Planning a European vacation this year? You may be excited about the strong dollar, which will increase your purchasing power overseas. But an appreciating dollar isn’t as good for U.S. investors because it lowers the returns of their international portfolios.
The issue of the strong dollar has come up in many of my recent conversations with clients who have asked me why Vanguard doesn’t hedge currency exposure in most of our international equity portfolios, including those in our Target Retirement Funds. This question is understandable in light of Vanguard’s decision to increase exposure to international equities in our Target Retirement Funds—essentially Vanguard’s model portfolios—from 30% to 40% of the funds’ equity allocations.
In addition, Vanguard hedges currency exposure in all our international fixed income portfolios. This leads some to ask: If hedging currency exposure works well for international bonds, why wouldn’t it work more often for international equities?
The answer to this question lies in the dramatically different effects that having exposure to different currencies has on the volatility of the fixed income and equity asset classes.
For bonds, currency exposure adds significant volatility to an asset that’s relatively stable in price, so the benefits of hedging currency risk generally outweigh the costs. Otherwise, the ups and downs of the currency markets would overwhelm the returns of international bonds.
Stocks, on the other hand, already have high volatility, so the effect of adding currency volatility has a relatively small impact on the overall risk of the investment. In this case, the benefits of hedging are much smaller, while the costs of hedging are about the same.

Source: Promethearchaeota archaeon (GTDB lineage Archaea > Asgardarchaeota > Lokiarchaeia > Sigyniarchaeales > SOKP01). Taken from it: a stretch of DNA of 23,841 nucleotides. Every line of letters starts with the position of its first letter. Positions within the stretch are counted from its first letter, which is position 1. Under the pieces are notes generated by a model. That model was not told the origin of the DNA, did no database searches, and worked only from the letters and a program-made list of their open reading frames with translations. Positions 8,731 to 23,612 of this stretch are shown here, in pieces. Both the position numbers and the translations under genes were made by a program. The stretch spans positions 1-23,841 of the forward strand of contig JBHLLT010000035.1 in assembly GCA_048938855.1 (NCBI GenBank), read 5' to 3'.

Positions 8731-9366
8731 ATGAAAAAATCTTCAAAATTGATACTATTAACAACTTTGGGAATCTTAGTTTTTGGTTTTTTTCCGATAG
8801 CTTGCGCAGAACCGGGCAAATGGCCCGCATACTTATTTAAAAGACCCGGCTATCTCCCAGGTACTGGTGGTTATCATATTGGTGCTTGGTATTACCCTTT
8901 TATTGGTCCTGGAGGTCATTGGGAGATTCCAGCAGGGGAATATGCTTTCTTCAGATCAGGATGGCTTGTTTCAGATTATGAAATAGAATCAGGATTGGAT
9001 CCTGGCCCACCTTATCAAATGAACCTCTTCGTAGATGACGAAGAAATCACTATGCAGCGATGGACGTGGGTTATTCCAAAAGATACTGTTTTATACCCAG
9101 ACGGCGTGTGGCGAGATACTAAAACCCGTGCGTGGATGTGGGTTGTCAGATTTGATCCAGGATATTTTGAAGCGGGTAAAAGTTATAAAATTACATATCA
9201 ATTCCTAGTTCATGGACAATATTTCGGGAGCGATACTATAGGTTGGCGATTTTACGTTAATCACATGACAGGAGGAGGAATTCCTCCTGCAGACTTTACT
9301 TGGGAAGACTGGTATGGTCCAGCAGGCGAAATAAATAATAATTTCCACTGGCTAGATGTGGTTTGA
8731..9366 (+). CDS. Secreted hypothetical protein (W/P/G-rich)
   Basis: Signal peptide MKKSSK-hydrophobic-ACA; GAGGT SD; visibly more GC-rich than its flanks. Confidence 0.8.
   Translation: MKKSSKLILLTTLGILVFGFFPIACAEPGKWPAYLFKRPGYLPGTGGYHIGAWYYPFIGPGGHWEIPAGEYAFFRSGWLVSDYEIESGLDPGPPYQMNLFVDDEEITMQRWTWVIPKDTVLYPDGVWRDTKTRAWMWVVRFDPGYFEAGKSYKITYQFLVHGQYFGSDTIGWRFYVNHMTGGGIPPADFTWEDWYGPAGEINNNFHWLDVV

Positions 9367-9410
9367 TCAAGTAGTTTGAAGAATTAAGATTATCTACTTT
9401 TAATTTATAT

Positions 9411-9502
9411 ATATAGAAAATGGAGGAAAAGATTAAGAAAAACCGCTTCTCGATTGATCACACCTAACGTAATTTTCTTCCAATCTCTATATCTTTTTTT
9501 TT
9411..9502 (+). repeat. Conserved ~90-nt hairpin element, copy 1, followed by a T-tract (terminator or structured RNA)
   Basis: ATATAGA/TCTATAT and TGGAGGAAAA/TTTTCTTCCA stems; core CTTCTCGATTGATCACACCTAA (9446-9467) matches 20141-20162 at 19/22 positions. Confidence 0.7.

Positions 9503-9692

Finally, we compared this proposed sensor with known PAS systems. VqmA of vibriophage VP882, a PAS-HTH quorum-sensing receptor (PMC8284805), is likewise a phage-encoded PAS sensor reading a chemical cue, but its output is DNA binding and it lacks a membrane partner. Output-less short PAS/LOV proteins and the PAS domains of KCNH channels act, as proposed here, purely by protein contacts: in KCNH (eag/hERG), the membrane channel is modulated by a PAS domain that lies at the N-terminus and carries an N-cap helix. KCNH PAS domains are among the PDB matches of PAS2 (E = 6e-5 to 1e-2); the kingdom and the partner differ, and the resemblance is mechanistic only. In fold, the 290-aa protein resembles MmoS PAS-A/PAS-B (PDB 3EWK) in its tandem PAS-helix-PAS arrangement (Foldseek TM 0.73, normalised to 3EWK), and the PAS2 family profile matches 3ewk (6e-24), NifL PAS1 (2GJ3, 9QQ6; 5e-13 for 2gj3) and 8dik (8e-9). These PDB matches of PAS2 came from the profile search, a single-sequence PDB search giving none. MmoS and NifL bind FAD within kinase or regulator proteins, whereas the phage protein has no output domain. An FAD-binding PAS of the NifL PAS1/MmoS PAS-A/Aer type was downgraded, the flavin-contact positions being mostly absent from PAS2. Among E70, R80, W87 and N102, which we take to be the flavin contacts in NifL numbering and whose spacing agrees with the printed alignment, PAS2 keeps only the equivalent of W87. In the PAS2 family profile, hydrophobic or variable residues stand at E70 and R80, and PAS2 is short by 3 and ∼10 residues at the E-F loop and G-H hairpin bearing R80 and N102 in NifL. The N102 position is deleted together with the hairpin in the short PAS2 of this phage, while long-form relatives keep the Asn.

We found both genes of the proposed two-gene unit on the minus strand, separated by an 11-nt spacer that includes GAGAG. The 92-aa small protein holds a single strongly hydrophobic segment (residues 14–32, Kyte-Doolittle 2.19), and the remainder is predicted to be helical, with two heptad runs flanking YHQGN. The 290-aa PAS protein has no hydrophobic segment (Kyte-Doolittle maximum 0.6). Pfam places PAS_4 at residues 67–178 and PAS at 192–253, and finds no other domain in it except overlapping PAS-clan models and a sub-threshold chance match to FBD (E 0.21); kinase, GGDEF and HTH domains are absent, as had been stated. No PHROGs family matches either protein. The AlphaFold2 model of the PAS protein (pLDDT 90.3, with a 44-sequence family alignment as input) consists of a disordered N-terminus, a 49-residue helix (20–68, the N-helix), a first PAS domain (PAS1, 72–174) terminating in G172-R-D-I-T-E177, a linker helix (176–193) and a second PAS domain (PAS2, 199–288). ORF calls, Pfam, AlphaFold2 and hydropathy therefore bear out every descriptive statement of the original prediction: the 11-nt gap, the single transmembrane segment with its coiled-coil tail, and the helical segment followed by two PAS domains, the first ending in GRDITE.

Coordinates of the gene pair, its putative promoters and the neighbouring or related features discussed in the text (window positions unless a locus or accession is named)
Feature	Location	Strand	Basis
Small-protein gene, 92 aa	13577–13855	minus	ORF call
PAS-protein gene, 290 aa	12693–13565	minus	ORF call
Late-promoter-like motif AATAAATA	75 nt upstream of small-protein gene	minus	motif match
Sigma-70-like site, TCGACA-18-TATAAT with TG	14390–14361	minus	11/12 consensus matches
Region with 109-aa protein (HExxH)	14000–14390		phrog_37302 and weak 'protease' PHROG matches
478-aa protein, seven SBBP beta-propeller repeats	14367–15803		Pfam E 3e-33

Not only is the overall reduction in volatility from currency hedging relatively modest in equity portfolios, but nearly half the time it actually has increased risk in these portfolios. Hedging’s impact on risk is based on two factors: the relative volatility of the asset compared with that of the foreign currency and the asset-currency correlation. And because the correlations between currency and equity returns have varied significantly across markets and over time, the optimal currency exposure varies, as does the impact of hedging on realized volatility in equity portfolios.
As a result, our research shows that a hedged equity investment was statistically less volatile than an unhedged investment for U.S. investors in just 58% of the ten-year periods from 1971 to 2013. In contrast, for fixed income, the percentage of times that we’ve seen currency hedging have a meaningful impact on lowering volatility is much closer to 100%.*
But what about returns?
Clearly, there’s a difference in the impact of hedging on portfolio volatility for equities and bonds, but what about investment performance? Can we meaningfully increase long-term returns by hedging currencies in equity portfolios?